EMDR (Eye Movement Desensitization and Reprocessing) was developed after the observations of the apparent desensitizing and information processing effect of spontaneous repeated eye movements on unpleasant thoughts.
Old disturbing memories can be stored in the brain in isolation; they get locked into the nervous system with the original images, sounds, thoughts and feelings involved. The old distressing material just keeps getting triggered over and over again. This prevents learning / healing from taking place. In another part of your brain, you already have most of the information you need to resolve this problem; the two just cannot connect. Once EMDR starts, a linking takes place. New information can come to mind and resolve the old problems. This may be what happens spontaneously in REM or dream sleep when eye movements help to process unconscious material.
EMDR began as a therapy specifically for the treatment of people with Post Traumatic Stress Disorder (PTSD). It’s successful results with trauma victims have led to its application to a wide range of disorders. Gemma Dowler, sister of Milly whom was tragically killed by a serial killer in 2002, recently spoke movingly on Radio 2 with Jeremy Vine about how EMDR therapy had helped her and her family to overcome the years of trauma they experienced in the aftermath of Milly’s death. “When you’re traumatized it’s like a grenade going off in your mind, everything sprays out and you can’t make sense of it.” Any event that has had a lasting negative effect on the self or psyche is by its very nature traumatic and can therefore be treated successfully with EMDR. Over the last decade research has shown effective results in the treatment of many other disorders such as phobias, panic, anxiety, depression, loss, complicated bereavement, stress, sleep problems, addictions, self esteem, performance anxiety and even pain management. It is not to be confused with hypnotherapy as it requires the individual to remain fully conscious and focused on the memories in order to be effective. It is a collaborative treatment.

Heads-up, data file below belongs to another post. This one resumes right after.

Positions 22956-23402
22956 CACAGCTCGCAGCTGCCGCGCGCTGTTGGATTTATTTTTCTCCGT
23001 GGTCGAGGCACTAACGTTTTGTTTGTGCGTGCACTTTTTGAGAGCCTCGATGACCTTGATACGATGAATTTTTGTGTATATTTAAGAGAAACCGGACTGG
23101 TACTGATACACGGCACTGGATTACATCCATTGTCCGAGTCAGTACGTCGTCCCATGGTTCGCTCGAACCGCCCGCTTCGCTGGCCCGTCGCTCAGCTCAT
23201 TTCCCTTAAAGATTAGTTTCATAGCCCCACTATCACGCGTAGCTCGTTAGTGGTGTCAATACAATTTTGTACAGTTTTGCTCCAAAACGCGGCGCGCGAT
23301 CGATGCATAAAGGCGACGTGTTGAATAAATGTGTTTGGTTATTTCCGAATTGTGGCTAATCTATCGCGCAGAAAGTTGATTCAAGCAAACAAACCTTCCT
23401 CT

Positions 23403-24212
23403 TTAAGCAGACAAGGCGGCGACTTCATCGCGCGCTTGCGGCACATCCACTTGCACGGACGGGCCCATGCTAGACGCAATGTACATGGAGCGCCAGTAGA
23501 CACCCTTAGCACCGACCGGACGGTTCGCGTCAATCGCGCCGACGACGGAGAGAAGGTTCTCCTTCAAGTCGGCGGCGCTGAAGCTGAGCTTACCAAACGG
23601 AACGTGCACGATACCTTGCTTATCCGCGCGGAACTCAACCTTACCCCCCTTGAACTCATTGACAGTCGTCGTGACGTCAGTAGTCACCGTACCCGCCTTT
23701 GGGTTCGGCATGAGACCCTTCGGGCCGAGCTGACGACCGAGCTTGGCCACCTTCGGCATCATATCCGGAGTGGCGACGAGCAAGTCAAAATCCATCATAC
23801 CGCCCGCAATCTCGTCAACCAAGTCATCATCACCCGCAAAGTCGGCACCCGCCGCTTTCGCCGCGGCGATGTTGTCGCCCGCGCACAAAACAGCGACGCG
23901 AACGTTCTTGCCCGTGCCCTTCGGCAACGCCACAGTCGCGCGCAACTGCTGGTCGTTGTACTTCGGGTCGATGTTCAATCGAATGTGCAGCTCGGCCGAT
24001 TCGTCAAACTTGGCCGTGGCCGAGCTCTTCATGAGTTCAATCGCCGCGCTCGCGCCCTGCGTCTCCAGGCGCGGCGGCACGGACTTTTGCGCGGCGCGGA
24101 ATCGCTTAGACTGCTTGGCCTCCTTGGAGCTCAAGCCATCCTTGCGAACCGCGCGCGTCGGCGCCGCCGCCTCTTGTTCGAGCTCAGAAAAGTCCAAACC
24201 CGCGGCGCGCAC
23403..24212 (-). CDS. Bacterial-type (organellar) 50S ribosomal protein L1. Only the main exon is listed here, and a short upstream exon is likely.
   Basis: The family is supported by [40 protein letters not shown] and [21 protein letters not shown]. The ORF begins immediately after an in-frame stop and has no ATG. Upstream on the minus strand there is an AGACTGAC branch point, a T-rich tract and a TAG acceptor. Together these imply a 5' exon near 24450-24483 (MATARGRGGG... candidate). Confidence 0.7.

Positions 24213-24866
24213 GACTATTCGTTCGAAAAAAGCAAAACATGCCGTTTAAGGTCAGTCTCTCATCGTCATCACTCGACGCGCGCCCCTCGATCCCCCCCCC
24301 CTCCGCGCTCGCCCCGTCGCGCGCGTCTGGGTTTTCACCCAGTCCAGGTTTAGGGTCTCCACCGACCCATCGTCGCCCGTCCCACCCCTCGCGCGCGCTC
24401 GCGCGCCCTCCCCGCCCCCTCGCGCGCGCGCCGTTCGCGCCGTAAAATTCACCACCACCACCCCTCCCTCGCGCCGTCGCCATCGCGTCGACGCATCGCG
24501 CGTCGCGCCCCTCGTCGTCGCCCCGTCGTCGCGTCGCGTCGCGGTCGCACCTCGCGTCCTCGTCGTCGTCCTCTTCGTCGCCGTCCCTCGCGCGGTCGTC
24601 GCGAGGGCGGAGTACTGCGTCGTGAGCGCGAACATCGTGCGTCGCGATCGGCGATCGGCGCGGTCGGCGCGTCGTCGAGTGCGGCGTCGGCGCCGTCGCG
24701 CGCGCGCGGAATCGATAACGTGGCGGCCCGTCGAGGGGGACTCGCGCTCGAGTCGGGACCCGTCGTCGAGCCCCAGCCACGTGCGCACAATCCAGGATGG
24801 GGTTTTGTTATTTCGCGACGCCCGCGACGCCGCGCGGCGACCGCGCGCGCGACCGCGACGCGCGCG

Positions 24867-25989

EMDR sessions are 60-90 minutes in length. Some processing can also take place between sessions so it usually takes a few to complete work around a specific issue. For more complex trauma longer term work may be required. If you feel you may benefit from EMDR therapy or have any questions then please do contact Bcalm to discuss your requirements.
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